Violence between police and protestors over Senate House occupation

Bloomsbury streets were stained with blood as protestors clashed with police during demonstrations. What began with the occupation of Senate House ended with a total of 41 arrests: five from the occupation and a mass arrest of 36 on Thursday 5 December. These included London Student editor Oscar Webb (the third of four ULU sabbatical officers to be arrested this year.)

The Occupation

On Wednesday December 4, around a hundred students occupied the management corridor at Senate House, which contains University of London Vice-Chancellor Adrian Smith’s office. They asked workers to leave and issued demands. These included full pensions for outsourced workers, part of the 3Cosas campaign, and that ULU remain under student control. They also called for UoL student halls to cost no more than the annual undergraduate maintenance loan (£4988/annum).

The Eviction

The University of London increased security throughout the afternoon, photographing those reporting on the occupation from outside. At 7.20pm, in a show of force unseen before for a civil matter, police entered the building. Some occupiers were dragged out, in some cases by their hair, handcuffed and thrown to the ground before being ejected from the building. The majority, however, nipped down a hastily purloined ladder from the south balconies of the occupied rooms to escape unhindered.

Whose Streets?

Tensions came to a head as police chased protesters around the car park to get them to leave, indiscriminately throwing punches and arresting one student. As the van containing him left, it was followed by demonstrators who built an impromptu barricade of bins across Malet Street. This appeared to fox the driver for a while, before he remembered he was in a riot van and could drive through them.

Keen to protect their vans from shouting protesters, the police began to throw people aside. Video footage has emerged of one girl running from the scene followed by police officers, who then slammed her to the ground. A running battle of police and protesters made its way onto Torrington Place, as a young man was forced to the ground in the middle of the road and one officer was clearly seen punching a man in the face.

Clashes spread from Senate House to Malet Street and ULU over the course of this three day battle for Bloomsbury.


A total of eight riot vans were deployed for around a hundred people and the night saw three arrests, all of whom were released the following day.

The University of London released a statement decrying the protests. Chris Cobb, Chief Operating Officer and University Secretary said of the occupation that “invading our working environment and blocking fire escapes is potentially life-threatening and plays no part in democratic dissent. The University will never …enter into dialogue with any group…who adopt this approach.” The University remained silent over the police’s response to the demonstrators, though ULU Officers condemned it.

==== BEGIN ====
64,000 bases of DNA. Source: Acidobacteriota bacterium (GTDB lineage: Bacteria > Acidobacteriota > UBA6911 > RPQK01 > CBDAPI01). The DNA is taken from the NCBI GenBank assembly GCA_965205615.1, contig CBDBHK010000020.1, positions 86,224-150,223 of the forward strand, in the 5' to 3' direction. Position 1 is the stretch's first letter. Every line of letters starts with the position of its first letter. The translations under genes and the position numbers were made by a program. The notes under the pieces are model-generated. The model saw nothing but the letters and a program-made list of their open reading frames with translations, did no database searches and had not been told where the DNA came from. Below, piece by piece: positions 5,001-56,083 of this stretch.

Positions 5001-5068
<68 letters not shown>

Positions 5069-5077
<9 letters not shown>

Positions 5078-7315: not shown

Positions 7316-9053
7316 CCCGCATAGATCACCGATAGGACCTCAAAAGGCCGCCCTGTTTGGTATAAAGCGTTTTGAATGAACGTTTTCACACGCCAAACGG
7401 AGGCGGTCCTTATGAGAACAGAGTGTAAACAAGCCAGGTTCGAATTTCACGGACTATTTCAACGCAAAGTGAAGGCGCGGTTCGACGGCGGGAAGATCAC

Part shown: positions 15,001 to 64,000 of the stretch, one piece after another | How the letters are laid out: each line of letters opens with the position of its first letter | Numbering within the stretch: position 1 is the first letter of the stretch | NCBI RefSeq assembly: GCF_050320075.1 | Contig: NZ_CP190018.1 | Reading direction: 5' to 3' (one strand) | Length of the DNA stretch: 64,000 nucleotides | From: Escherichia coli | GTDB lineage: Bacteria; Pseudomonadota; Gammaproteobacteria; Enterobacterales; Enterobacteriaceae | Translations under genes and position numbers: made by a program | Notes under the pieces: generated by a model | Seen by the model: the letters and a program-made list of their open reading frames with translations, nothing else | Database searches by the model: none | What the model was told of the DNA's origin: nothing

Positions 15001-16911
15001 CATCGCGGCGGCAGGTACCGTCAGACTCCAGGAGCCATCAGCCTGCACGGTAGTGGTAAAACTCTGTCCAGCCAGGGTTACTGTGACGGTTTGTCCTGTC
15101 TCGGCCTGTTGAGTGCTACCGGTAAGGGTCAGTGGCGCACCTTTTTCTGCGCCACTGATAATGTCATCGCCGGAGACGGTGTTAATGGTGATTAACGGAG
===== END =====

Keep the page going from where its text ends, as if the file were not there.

The Demonstration

Demonstrators protesting for “Cops off Campus” were met by police at Senate House (pictured).

On the afternoon of Thursday December 5, 150 students gathered for a pre-arranged demo to call for ‘Cops Off Campus’; after the demonstrators proceeded to Senate House, nine riot vans arrived with around 60 officers inside, perhaps missing the point slightly. While protestors chanted ‘No justice, no peace, fuck the police’, the officers attempted to block any exit through Russell Square.

Rain Doesn’t Stop Play

With rain drenching the demo, the crowd had no choice but to return to ULU, where they were met by more police. As a helicopter hovered above, the officers took to watching the crowd continue to Euston Road, but when the protest brought cars to a standstill the police moved in again. The protest was split into two groups, with many being kettled into Euston Square station.

Marked With Blood

One student, trying to escape, was thrown to the ground by three officers before being driven away, leaving the pavement where he was tackled marked with blood. Eyewitnesses recognised an officer who had punched a man in the face on Malet Street busy knocking a student’s crutches out from under him and arresting him.

By this point, around 40 protestors remained trapped by police, who then began the process of arresting each person kettled – including London Student editor Oscar Webb – for affray. Extra vans then arrived to transport those arrested to various stations around London, including Croydon and Bromley. A UCL student who had left his lecture and was concerned with getting his nicotine fix was caught in the kettle as he walked up Gower Street, arrested and released in Croydon at 2am Friday morning.

Hey, Bail

Protestors were later released with bail conditions including not setting foot in Senate House or UCL buildings unless expressly invited by management or attending pre-arranged academic events. Some arrestees’ conditions bar them from associating in groups of more than four people, including themselves, in any public place.

Enforcing The Follow-On

A further demo was called immediately afterwards, on Friday 6. Whilst attracting a similar number of people, there were no arrests. Although the policing was heavy and attempts to kettle the protest were made, the event passed without arrests. The University of London’s response to was to obtain an injunction to ban ‘violent and intimidating’ student occupations on its Bloomsbury campuses until June. Despite this, a national day of action against police on campuses has been called for Wednesday December 11.

Hannah Sketchley and Bo Franklin
Image credit: UCL Digital Media 2018.

This article appeared in CG 41, titled “Liberté, Egalité, Brutalité?”.